It was all very careless and confused. They were careless people — they smashed up things and creatures and then retreated into their money or their vast carelessness or whatever it was that kept them together, and let other people clean up the mess they had made.
The difference was that the Gatsby crowd didn’t have cruise missles.
We, of course, have had other iatrogenic wars. This is what happened in Vietnam when we declared that it was necessary to destroy villages in order to save them. This is what happened in Iraq when in the name defeating a modern Hitler we caused the post-war death by disease and malnutrition of far more people than Hussein himself had killed. And it is what happened when NATO declared that Slobadon Milosevic’s crimes against humanity were such that they justified the brutal destruction of a country and the pain and death and the very ethnic cleansing we said we sought to avoid.
In fact, every moral act in the face of mental or physical injury carries twin responsibilities: to mend the injury and to avoid replacing it with another. This twin burden is faced every day by doctors. Every police officer faces it. Every firefighter. It was what I was taught as a Coast Guard officer. It’s well past time for our politicians do so as well.
The point of speaking of the evils of a Milosovec or a Hussein is to raise the alarm. But once that has been successfully done, this alarm may not rightfully be used as a perpetual excuse for our own misdeeds. From the moment we commence a moral intervention we become a part of the story, and part of the good and evil. We are no longer the innocent bystander but a full participant whose acts will either help or make things worse. Our intentions become irrelevant; they are overwhelmed by the character of our response to them. The morality of the disease is supplanted by the morality of the cure. Any other course amounts to reckless and negligent political malpractice.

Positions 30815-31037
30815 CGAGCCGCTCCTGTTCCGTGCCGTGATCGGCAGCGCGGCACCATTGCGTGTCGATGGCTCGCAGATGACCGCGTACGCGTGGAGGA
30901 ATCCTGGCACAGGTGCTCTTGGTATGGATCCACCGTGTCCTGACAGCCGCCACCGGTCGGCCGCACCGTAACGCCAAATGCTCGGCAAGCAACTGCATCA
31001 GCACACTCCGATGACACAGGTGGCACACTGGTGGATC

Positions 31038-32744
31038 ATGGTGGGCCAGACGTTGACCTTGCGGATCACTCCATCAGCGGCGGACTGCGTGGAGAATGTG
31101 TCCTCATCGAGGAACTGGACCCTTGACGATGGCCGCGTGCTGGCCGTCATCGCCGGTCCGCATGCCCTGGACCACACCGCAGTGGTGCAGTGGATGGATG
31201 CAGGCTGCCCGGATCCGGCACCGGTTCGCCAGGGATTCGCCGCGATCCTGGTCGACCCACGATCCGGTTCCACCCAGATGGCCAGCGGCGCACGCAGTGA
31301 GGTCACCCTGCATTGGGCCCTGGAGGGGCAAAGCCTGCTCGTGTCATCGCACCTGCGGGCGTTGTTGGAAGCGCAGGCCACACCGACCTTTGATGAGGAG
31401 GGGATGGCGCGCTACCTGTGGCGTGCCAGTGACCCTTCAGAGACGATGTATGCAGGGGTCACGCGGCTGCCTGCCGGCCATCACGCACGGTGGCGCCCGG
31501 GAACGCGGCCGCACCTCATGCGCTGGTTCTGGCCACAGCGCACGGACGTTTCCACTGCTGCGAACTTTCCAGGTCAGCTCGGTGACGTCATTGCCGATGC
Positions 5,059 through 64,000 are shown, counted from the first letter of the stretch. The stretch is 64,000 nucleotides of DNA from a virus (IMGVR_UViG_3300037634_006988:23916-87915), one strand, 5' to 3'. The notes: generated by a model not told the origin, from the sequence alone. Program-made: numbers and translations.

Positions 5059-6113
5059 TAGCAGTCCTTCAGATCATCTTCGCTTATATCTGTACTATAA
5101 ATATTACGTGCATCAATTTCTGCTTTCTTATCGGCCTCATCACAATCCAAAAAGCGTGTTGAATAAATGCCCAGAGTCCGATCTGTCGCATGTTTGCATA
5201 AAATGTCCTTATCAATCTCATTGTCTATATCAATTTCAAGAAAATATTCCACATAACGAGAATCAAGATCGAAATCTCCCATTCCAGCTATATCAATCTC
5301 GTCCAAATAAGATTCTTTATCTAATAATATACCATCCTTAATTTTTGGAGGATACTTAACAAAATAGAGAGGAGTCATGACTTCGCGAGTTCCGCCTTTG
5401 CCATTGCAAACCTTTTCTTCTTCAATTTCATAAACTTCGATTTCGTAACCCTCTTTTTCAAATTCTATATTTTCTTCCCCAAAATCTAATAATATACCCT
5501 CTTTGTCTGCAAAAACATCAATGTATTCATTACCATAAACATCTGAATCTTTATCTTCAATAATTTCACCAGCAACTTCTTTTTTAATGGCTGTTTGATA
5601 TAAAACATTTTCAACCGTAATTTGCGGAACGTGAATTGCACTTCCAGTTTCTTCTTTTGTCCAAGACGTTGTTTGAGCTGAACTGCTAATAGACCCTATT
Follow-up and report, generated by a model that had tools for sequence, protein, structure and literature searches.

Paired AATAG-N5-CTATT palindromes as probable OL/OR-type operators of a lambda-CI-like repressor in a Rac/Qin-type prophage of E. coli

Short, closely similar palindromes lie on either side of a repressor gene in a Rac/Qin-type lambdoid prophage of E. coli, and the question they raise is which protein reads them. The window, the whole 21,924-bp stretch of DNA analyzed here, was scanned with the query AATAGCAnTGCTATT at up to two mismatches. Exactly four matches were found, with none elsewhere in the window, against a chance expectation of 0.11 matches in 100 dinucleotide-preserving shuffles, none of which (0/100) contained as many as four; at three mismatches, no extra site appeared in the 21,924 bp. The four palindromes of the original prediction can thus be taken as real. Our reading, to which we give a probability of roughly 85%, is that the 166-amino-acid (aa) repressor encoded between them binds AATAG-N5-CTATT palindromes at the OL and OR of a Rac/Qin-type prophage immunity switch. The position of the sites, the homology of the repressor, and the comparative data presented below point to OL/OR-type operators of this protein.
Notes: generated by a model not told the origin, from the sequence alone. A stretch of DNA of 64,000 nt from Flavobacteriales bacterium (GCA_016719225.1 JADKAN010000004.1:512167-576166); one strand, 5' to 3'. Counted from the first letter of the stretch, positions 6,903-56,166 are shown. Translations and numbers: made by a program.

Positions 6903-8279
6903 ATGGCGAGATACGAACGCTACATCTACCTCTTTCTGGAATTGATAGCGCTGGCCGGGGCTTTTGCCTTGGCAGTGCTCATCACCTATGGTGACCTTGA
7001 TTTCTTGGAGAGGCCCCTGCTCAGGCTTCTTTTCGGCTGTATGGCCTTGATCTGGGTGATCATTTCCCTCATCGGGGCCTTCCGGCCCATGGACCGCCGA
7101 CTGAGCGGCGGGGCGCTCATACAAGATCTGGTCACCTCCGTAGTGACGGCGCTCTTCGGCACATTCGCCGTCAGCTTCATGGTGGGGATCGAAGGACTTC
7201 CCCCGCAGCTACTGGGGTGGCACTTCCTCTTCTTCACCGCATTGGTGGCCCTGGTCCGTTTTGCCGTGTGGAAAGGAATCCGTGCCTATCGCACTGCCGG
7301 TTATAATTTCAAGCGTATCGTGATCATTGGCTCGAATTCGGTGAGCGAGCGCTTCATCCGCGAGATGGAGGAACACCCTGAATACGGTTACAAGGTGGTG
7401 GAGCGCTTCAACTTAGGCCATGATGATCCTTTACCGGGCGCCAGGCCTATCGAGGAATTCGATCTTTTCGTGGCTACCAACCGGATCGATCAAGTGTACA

Wars are one of the foul rituals of misdeveloped, morally dyslectic men and women, whose power has dangerously outstripped their integrity, their hearts, and their wisdom. Yet we, too, must avoid treating this disease as an excuse. Being against a barbaric invasion is not a policy or a paradigm; it is simply a necessity.
Let’s be honest; one of the reasons thing deteriorated to the point that a Democratic president thought he could get away with such a war is because throughout his life far too few have held him accountable for his behavior. He has come to rely upon the misguided support of those who have let his words trump his acts. This has helped us to lose other wars such as those against democracy, civil liberties, our planet’s health, people without wealth or power, the young, the non-conforming, and citizens who prefer to use a mild drug such as marijuana rather than the deadly yet legal one of nicotine.
The bombing has stopped over Belgrade but we remain the targets in these other conflicts. And this is the way it will be until we too can move beyond our words to results. Is there a doctor in the house?